Furthermore asphalt reinforcement geogrids are covered in a bitumen cover which protects the yarns. Once the paver places the asphalt, the hot temperatures reactivate the bitumen on the geogrid, enhancing bonding. Delamination of overlays is due to faulty installations, not failure of the geogrid itself.

Conclusions The inclusion of geosynthetics allows for a reduction in pavement layer thickness,

Separation Mechanism using woven geotextile

which leads to considerable cost and construction time savings without compromising the quality or the design life. As the inclusion of geosynthetics significantly affects the performance of the pavement, correct engineering and careful supervision are essential to ensure a highly sustainable solution.

IMIESA April 2014



Flexible Pavement Design Software

Asphalt reinforcement, MacGrid® AR Queen Nandi Drive, KwaZulu-Natal

MACREAD (MACcaferri Road Equivalent Assistant for Design) software is used to select appropriate geogrids to meet the projects demands, optimising the structure and cost effeciency. MACREAD is an essential tool for pavement designers to optimise the design to allow the full utilisation of MacGrid®. For your FREE copy, contact our office or visit for download

re on Lectu CPD ements Pav vailable wa is no

We now have 8 SAICE Accredited Complimentary CPD Lectures available. Visit for information on lectures in your area. National Tel: +27 87 742 2710 International: Tel: +27 31 705 0500 Branches: Durban (HO), Johannesburg, Cape Town, East London, Tongaat (Factory)



6–8 APRIL 2014








Ecoefficient criteria There is an urgent need to apply cost-effective technologies and methods that deliver better and more sustainable performances. By Shian Saroop and Prof Dhiren Allopi


HE CONSTRUCTION industry is one of the main contributors to the depletion of natural resources and a major cause of air and water pollution, solid waste, deforestation, health hazards, global warming, and other negative consequences. A systematic and iterative analysis of the environmental impact of various design solutions is commonly suggested for infrastructure projects, but rarely happens. The lack of appropriate tools and skills for sustainable design is often quoted as a barrier to sustainable design (Richardson et al [2]). In order to stay competitive and to meet upcoming stricter environmental regulations and customer requirements, designers have a key role in designing civil infrastructure so that it is environmentally sustainable. These and other factors have compelled the engineer to design with greater care and in more detail. Civil engineering projects can have significant site-specific and cumulative impacts on our ecological and social systems if not correctly planned, designed and implemented. Relatively few designers have explored the transformative potential of ecological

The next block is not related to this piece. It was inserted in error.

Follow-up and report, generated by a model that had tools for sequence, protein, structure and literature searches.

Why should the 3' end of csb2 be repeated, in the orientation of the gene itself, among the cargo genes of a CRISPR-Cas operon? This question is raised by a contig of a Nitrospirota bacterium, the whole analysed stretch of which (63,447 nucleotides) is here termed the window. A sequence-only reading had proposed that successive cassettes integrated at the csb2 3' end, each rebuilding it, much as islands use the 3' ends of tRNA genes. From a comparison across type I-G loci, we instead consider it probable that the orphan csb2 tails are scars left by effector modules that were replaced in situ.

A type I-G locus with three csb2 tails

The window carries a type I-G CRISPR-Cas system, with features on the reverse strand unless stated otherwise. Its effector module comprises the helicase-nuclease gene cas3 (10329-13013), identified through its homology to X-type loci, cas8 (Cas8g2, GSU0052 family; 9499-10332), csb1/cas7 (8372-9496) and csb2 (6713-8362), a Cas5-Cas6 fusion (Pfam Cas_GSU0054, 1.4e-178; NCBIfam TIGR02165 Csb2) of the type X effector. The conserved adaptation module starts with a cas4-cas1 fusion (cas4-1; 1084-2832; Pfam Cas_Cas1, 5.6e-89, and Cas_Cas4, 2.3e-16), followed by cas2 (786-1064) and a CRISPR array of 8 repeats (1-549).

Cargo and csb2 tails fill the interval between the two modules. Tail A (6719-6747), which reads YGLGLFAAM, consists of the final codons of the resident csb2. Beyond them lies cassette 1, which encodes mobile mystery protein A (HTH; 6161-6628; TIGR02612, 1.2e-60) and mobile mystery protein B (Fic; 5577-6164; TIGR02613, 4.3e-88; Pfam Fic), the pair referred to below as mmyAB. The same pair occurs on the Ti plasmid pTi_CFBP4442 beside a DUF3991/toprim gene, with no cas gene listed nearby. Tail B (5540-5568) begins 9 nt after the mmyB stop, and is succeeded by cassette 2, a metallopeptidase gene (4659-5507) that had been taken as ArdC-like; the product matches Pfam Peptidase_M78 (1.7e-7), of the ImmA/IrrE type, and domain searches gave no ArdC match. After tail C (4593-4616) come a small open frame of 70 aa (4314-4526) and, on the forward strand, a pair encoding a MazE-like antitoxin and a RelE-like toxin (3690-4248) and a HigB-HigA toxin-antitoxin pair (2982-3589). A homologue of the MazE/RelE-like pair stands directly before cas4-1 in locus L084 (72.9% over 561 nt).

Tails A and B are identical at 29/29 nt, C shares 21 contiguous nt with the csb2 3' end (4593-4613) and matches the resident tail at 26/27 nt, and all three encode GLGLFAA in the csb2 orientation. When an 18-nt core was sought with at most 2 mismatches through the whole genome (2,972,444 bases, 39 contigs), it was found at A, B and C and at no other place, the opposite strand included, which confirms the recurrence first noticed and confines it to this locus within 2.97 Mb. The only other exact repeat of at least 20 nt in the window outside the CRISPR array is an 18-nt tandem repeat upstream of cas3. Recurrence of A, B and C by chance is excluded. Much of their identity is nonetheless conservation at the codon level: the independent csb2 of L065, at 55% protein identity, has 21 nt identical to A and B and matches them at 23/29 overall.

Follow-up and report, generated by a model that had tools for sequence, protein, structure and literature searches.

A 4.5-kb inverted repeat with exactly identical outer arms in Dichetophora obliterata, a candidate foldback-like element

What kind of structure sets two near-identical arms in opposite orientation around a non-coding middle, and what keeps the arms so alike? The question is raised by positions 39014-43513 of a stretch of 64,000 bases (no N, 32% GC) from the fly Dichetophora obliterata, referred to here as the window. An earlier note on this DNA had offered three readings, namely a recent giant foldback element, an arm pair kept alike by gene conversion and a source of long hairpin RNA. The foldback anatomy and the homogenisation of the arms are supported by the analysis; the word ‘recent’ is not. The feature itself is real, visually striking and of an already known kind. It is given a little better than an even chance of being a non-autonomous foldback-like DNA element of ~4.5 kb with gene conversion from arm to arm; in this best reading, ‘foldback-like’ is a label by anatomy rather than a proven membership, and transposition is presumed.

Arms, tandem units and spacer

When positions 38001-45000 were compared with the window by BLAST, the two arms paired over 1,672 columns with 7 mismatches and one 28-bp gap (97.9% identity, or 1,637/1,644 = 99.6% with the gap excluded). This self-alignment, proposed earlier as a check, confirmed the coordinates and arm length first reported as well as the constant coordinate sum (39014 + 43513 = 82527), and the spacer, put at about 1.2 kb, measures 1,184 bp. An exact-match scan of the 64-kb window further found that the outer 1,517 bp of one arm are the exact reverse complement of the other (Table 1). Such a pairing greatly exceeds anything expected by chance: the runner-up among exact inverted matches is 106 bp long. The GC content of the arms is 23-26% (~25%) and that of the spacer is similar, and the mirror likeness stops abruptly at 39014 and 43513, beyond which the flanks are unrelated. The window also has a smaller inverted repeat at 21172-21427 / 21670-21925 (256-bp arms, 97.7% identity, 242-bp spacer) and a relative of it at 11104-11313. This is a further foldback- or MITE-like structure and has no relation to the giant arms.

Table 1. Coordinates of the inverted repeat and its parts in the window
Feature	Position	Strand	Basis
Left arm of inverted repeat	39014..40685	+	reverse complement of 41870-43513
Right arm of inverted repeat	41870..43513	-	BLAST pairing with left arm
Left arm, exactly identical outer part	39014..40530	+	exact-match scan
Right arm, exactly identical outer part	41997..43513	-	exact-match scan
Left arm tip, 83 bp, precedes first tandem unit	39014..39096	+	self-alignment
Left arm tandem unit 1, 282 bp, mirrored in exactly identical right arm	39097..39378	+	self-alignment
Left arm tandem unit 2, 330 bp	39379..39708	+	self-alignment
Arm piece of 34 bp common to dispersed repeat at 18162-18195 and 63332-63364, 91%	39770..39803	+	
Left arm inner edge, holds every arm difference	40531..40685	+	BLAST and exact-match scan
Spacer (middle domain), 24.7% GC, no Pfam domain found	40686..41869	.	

design and have preferred to remain apolitical and unconcerned with the distributional impacts of design as they affect the health of humans and ecosystems (Van Wyk [3]). Infrastructure development focused mainly on financing issues and engineering aspects in the region. Mainstreaming environmental aspects and incorporating the eco-efficiency concept into various stages of infrastructure development have not been considered as much as they should have been. By utilising improved environmentally friendly seeking design solutions, this study aims to introduce environmentally friendly design decisions prior to the infrastructure design approval process. This increases overall competitiveness by bringing a whole new class of productive solutions to problems while at the same time adding a fresh perspective to the traditional infrastructure design process.

Sustainability in civil engineering infrastructure projects Infrastructure elements such as roads, water, sewage and stormwater can result in loss of critical ecosystems and biodiversity. There is a need to create an eco

sensitive infrastructure design rating system that encourages and promotes the use of “softer� design solutions. In the area of sustainability, there is an urgent need to apply technologies and methods that deliver better and more sustainable performance in a way that is cost effective. Sustainability, adaptive and mitigative approaches to climate change, in the design of infrastructure are therefore important steering elements (FIDIC [1]). The rating of green buildings evaluates the environmental impacts of buildings but with little emphases on the environmental performance of civil engineering infrastructure. The proposed research proposes a decision toolkit that assesses the environmental impacts of infrastructure design decisions on development. Diligent attention to greener infrastructure solutions from the very earliest phases of a project will help guarantee that quality design environmental solutions are built in from the beginning.

Sustainability The criteria for sustainable green infrastructure are tools or indicators which can

IMIESA April 2014





t t t t





011 922 3300

East London

043 727 1057

Cape Town

021 531 8110


031 717 2300


octarine 3723